WHO SHOULD WIN:  Hans Zimmer for Inception-- This pulsing and breathing piece is the best movie score of the year and the best of Zimmer's long and distinguished career, but I fear the trendiness of Reznor will beat the best.
WHAT ABOUT ME?:  Daft Punk for Tron: Legacy-- In a year where the voters want to look cool by picking a alternative rocker to win, they're missing out on two electronica DJs who combined their talents with a full orchestra for an auditory feast of coolness.

WHO WILL WINBiutiful by Alejandro Gonzalez Inarritu (Mexico)-- The director of Amores Perros, 21 Grams, and Babel is likely the only nominee a film-snob has even seen or heard of before.  He wins by resume alone, even though the film is supposedly pretty good, led by Academy Award winner Javier Bardem.
WHAT ABOUT ME?:  You've got me on this one.  I don't get lucky enough or smart enough to see foreign films.  I'm just a school teacher.  Does The Last Airbender count as a foreign film?

WHO WILL WINToy Story 3-- Come on.  Is there any doubt?  How to Train Your Dragon is original and the foreign The Illusionist is a critic's darling, but you can't deny a movie that, even animated, is making the Top Ten lists of critics around the world.  Slam dunk, no doubter.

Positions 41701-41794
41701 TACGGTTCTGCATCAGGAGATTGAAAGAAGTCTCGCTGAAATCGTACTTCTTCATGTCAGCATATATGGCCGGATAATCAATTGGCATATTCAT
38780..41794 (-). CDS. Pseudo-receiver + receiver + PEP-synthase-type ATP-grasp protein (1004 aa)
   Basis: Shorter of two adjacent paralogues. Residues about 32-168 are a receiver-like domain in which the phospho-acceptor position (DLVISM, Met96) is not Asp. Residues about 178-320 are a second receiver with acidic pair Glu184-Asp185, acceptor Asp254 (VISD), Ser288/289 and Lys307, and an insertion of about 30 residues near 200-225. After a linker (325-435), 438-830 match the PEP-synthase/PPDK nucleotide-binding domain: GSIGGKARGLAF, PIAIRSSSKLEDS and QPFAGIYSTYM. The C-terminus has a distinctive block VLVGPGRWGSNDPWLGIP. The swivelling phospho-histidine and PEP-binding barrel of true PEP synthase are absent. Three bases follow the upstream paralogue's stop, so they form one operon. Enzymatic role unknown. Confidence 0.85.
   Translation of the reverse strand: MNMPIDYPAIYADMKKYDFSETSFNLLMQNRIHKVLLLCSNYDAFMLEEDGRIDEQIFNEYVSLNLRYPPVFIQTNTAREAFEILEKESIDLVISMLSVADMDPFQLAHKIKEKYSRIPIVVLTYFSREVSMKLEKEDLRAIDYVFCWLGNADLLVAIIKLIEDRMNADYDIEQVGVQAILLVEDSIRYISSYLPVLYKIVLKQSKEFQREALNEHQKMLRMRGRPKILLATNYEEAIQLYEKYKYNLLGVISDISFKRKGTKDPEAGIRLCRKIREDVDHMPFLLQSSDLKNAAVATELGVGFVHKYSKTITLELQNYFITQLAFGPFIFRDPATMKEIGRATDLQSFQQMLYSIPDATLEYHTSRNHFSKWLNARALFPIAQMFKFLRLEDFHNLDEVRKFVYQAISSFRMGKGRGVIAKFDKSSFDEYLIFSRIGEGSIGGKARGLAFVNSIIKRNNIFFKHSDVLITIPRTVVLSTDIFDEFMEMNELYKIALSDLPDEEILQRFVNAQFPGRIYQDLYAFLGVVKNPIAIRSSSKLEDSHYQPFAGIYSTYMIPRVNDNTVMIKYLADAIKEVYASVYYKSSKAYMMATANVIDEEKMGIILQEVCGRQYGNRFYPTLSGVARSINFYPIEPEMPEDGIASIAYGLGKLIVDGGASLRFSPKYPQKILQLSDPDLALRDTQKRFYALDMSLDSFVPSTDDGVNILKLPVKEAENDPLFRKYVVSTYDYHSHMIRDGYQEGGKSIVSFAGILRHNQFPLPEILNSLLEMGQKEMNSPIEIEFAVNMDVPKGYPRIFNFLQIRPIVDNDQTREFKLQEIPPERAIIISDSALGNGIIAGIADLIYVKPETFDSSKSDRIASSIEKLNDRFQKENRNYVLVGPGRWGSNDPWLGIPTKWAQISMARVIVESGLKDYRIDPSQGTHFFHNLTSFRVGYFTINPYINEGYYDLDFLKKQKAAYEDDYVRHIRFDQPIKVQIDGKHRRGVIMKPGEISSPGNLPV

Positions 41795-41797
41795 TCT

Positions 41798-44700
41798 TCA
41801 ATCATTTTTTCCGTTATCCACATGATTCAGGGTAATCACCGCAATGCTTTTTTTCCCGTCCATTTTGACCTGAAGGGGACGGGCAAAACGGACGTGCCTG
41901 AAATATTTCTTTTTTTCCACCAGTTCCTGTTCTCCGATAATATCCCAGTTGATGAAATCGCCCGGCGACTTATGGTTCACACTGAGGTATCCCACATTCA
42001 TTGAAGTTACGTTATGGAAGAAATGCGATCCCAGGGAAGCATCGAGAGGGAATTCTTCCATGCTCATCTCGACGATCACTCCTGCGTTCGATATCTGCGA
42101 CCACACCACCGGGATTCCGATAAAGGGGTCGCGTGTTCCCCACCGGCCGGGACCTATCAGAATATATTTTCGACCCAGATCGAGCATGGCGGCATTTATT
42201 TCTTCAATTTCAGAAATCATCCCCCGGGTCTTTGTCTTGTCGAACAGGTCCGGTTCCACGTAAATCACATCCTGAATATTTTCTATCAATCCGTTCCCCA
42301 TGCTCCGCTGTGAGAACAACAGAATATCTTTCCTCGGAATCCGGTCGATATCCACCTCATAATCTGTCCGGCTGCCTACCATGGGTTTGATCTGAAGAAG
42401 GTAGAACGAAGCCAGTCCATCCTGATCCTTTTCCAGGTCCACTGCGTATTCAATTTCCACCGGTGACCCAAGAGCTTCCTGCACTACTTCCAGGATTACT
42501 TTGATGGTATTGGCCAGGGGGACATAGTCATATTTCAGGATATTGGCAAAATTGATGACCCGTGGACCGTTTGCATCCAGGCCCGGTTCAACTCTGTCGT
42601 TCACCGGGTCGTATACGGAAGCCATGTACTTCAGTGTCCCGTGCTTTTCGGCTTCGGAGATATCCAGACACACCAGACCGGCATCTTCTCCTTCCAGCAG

WHAT ABOUT ME?Megamind-- The villain-actually-wins farce is far more worthy of a spot on the nominee list than the wretched Despicable Me.

WHO WILL WINThe Social Network by Aaron Sorkin-- It's the smartest written movie of the year and tells what could have been a courtroom drama as a study of flashbacks and layers that blend so good.
WHO SHOULD WINThe Social Network
WHAT ABOUT ME?:  One of the biggest flaws of the Golden Globe awards is this category for combining the "original" and "adapted" screenplays together, something the Oscars don't do.  You lost half of your potential nominees like True Grit, Black Swan, The Town, and The Fighter.

WHO WILL WIN:  David Fincher for The Social Network-- In my opinion, he should have won two years ago for piloting the epic The Curious Case of Benjamin Button.  This year, The Social Network will bring him the missing trophy over the foreign love for The King's Speech.